The Adventist International Institute of Advanced Studies (AIIAS) is a graduate school and seminary operated by the General Conference of Seventh-day Adventists. It is located one hour south of Manila, Philippines, near Silang, Cavite. Its mission is to develop leaders through distinctively Seventh-day Adventist graduate education, excelling in spirituality, scholarship, and service. It serves students from all over the world and often has students and faculty from 70 countries at the same time. AIIAS offers a master’s program in public health and masters and doctoral programs in education, business, and theology.
Adventist Bible scholars and administrators have repeatedly been invited to participate in Bible translation, revision, edition, or education projects of several national Bible societies in Western Europe over the past 40 years.
Rede Novo Tempo de Comunicação (Adventist Media Center–Brazil) is a media conglomerate of the Seventh-day Adventist Church in South America, which produces and broadcasts religious content in Portuguese and Spanish.
Adventist Media Centre–India is operated by the Southern Asia Division of Seventh-day Adventists. It was established in 1947 and reorganized in 1989. It is located in Pune, Maharashtra, India.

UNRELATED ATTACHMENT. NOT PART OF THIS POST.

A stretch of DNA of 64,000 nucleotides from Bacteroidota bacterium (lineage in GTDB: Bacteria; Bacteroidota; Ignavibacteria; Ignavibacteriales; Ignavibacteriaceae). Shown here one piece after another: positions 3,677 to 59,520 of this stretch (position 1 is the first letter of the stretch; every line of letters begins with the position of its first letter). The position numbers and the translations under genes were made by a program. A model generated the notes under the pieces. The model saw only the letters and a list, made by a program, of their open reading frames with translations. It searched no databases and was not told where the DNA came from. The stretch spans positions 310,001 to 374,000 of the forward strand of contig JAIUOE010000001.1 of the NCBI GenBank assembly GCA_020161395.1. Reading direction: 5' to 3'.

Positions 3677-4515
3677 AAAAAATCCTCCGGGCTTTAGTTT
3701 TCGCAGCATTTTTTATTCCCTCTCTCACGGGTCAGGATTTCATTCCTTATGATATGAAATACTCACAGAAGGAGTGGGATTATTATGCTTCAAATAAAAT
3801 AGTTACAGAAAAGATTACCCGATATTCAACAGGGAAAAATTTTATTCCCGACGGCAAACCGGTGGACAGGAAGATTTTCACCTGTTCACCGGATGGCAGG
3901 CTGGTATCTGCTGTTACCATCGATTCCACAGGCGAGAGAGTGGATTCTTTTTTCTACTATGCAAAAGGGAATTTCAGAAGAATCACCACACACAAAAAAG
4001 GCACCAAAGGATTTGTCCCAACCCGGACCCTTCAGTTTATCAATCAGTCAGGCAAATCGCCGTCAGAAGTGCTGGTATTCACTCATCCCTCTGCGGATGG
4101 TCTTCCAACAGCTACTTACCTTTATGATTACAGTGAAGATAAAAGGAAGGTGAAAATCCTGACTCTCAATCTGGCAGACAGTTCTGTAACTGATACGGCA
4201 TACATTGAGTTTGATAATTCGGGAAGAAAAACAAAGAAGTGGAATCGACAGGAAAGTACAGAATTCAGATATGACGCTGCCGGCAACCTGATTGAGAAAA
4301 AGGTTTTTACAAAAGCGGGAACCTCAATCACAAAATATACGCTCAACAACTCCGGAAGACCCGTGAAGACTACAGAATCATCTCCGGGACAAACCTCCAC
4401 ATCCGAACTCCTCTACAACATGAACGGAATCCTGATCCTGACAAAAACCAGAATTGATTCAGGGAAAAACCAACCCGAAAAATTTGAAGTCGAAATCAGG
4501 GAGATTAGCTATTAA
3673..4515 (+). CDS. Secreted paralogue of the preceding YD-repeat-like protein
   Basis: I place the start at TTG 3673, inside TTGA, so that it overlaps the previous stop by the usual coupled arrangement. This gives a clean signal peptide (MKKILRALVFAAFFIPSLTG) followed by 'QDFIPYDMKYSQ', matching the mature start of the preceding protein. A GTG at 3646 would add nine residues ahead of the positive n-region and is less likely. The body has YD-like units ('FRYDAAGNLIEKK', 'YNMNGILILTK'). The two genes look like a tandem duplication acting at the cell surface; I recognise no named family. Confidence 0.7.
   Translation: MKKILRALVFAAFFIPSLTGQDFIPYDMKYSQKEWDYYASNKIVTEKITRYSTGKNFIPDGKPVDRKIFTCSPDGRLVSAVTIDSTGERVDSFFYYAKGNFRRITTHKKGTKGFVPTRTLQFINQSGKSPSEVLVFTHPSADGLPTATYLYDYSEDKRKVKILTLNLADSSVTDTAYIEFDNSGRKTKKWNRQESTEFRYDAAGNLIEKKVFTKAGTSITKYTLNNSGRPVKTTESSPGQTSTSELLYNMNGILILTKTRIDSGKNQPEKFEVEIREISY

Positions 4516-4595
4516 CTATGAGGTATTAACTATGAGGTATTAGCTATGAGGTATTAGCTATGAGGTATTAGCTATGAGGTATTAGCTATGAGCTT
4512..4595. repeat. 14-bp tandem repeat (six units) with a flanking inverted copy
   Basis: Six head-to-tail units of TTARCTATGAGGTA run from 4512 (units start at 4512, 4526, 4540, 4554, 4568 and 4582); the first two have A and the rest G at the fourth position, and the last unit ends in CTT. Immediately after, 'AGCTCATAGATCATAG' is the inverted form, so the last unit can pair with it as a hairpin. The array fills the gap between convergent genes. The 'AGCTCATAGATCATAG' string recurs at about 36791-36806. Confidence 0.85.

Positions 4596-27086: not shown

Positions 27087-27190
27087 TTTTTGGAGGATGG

Adventist Media (AM) is the official media production entity for the South Pacific Division (SPD). AM operates at two locations: The Adventist Media building adjacent to the SPD administrative offices in Fox Valley Road, Wahroonga, Sydney, Australia, and at Signs Publishing in Warburton, Victoria.
Governed by Ukrainian Union Conference, the young and actively growing Adventist Medical Center “Angelia” (formerly Adventist Christian Medical Center) is located at 3, Larisa Rudenko Street, Kiev, Ukraine. The mission of this Medical Center is to promote the ministry of healing of Jesus Christ by providing professional medical care and health education.
The Adventist Medical Center (Okinawa Medical Center) is a 48-bed medical institution at Nishihara, Okinawa, owned and operated by the Japan Union Conference.
From its humble beginnings in 1948 as a rented two-story house, known as Lakeside Clinic in Marawi City, to a 130-bed capacity DOH-recognized secondary level hospital, Adventist Medical Center-Iligan has overcome many challenges to achieve its current success.
Adventist Medical Center–Valencia (AMCV, formerly Casuga Medical-Surgical Clinic) is a non-stock, non-profit faith-based healthcare facility located at A. Aguilar Street, Poblacion, Valencia City, dedicated to providing optimum quality care to all clients in Valencia City, Bukidnon, and nearby municipalities. It is one of the five medical institutions in Mindanao operated by the South Philippine Union Conference (SPUC).
Inisa Community Medical Centre, which became Adventist Medical Centre in 2007, started medical services in the early 1950s and was one of the early clinics/hospitals in the western region of Nigeria. It has made significant impacts on the Inisa community and other neighboring towns and villages.